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How does the original iPad compare to the Axiotron ModBook? Which one is best for my needs?
Please note that the original iPad and the ModBook both have been discontinued. However, this Q&A still can be useful both for "historical" interest as well as anyone buying or selling either system on the used market.
Based on e-mail, Twitter, and Facebook messages received, some readers were hoping that Apple would release a more full-featured "Mac Tablet" running Mac OS X rather than the relatively simple iOS-based iPad (which originally was called simply the "iPhone OS").
Photo Credit: Apple, Inc. (iPad)
For these users, the Axiotron ModBook may be of particular interest. The ModBook is a pre-"Unibody" MacBook that has been modified into a tablet form factor. It has a chemically hardened glass screen and a magnesium alloy outer frame overlaying a Wacom digitizer with "512 levels of pen pressure sensitivity."
The keyboard is removed during the modification process and input is conducted via a stylus instead. For text input, the ModBook comes preinstalled with Axiotron "Quickscript" handwriting recognition software.
Photo Credit: Axiotron Corp. (ModBook)
The iPad has a 9.7" 1024x768 LED-backlit IPS glossy touchscreen display with an onscreen "soft" keyboard (and a US$69 keyboard dock option), runs iPhone OS 3.2 (it cannot run Mac OS X applications), and has the option of 3G wireless and A-GPS. For connectivity, it only has a 30-pin USB-based iPod dock port and a headphone jack as well as a built-in speaker and microphone. No other ports are available and it lacks a webcam, but it does include a digital compass.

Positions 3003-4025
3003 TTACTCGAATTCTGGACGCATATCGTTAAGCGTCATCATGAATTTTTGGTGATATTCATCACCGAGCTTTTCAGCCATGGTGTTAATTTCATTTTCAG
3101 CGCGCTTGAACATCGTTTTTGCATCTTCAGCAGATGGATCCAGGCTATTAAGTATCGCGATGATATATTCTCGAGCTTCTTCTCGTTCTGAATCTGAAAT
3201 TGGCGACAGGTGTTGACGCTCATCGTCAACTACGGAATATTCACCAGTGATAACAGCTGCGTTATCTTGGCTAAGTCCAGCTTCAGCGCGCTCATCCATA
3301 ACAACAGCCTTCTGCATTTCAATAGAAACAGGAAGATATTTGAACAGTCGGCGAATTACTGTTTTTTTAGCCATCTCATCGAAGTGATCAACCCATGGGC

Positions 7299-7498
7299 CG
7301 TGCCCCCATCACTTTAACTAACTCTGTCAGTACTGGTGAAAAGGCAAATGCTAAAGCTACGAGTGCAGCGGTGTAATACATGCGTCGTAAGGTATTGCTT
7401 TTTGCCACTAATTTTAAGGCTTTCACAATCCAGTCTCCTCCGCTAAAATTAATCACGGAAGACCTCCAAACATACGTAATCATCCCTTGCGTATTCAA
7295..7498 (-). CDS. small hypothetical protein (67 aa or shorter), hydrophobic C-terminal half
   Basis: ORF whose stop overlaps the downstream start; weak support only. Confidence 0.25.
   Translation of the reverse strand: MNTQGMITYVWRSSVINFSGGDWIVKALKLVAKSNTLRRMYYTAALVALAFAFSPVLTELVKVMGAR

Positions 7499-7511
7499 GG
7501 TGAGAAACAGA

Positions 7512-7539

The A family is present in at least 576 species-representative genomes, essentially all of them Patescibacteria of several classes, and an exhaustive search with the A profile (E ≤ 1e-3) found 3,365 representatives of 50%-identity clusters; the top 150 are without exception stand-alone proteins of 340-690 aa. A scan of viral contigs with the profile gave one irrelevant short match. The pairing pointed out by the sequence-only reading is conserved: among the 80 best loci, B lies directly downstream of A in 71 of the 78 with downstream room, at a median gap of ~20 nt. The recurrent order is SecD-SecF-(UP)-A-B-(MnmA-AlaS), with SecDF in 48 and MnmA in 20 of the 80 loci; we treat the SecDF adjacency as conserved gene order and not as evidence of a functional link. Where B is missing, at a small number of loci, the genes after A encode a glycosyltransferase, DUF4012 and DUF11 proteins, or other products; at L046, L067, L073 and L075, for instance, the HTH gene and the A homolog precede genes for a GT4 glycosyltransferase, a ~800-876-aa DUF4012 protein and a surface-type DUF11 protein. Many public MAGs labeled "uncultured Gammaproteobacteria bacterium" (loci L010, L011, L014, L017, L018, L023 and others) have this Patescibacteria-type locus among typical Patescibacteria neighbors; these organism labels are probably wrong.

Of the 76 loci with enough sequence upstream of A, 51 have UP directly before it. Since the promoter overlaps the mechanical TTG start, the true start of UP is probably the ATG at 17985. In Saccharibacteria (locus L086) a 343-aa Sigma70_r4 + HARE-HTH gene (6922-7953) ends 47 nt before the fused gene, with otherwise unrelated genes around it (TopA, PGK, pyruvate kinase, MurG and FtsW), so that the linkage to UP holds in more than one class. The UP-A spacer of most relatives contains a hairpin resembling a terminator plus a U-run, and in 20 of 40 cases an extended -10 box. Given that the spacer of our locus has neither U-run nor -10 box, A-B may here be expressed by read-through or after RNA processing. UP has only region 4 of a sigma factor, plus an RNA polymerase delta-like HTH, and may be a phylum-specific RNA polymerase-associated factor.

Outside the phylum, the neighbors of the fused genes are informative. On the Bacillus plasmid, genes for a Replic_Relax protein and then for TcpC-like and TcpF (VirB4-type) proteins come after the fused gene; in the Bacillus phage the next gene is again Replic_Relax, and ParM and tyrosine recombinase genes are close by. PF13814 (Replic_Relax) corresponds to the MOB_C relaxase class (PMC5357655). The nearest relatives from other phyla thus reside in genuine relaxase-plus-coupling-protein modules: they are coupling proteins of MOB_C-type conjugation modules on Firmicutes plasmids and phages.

Because the ModBook can be created from a number of "White or Black" MacBook models -- all of those released prior to the "Unibody" models on October 20, 2009, with the exception of the Aluminum MacBook "Core 2 Duo" 2.0 (Unibody) and 2.4 (Unibody) -- the technical specifications can vary significantly. However, in general, the ModBook has the same capabilities as the underlying notebook with the exception of keyboard input.
In contrast to the iPad, all ModBook models have 13.3" 1280x800 LED-backlit glossy widescreen displays. They run Mac OS X but are not compatible with iPhone OS applications nor do they have 3G wireless or digital compass capabilities (by custom configuration Axiotron does offer GPS capability). Connectivity varies, but all include a complement of ports. All include webcams as well.
|Display Size:||9.7" (1024x768)||13.3" (1280x800)|
|Input Method:||Onscreen/Keyboard Dock||Onscreen/Handwriting|
|OS:||iPhone OS 3.2||Mac OS X 10.5/10.6.x|
|Processor Speed:||1 GHz||2.13 GHz|
|Processor Type:||Apple A4||Intel Core 2 Duo|
|Standard RAM:||Unknown||2 GB (6 GB Max)|
|Storage:||16, 32, 64 GB||160 GB|
|Optical Drive:||None||8X DL SuperDrive|
|Data Networks:||2G/3G* & Wi-Fi||Wi-Fi|
|Ext Disp Support:||1024x768||2560x1600|
|Max Battery Life:||10 Hours||5 Hours|
|Dimensions (In):||9.56 x 7.47 x 0.5||1.16 x 12.78 x 8.92|
|Weight:||1.5 or 1.6 lbs||5.3 lbs (2.4 kg)|
* Only high-end original iPad models (US$629-US$829) have 2G/3G networking and A-GPS.
† The iPad with 16 GB, 32 GB, or 64 GB of storage and Wi-Fi was US$499, US$599, and US$699, respectively. Configured with the same capacity, but 3G and A-GPS in addition to Wi-Fi costs US$629, US$729, and US$829.
ModBook Video Demonstration
For more details, and demonstration of the ModBook in use, you additionally may find this Axiotron video compilation interesting:
Ultimately, the original iPad is geared toward those who primarily consume, rather than produce, content while on the go.
The ModBook, on the other hand, is designed primarily for those who are interested in a Mac OS X-based tablet and who produce more graphical content than text content.
Also see: What are the main differences between the iPad and the MacBook Air?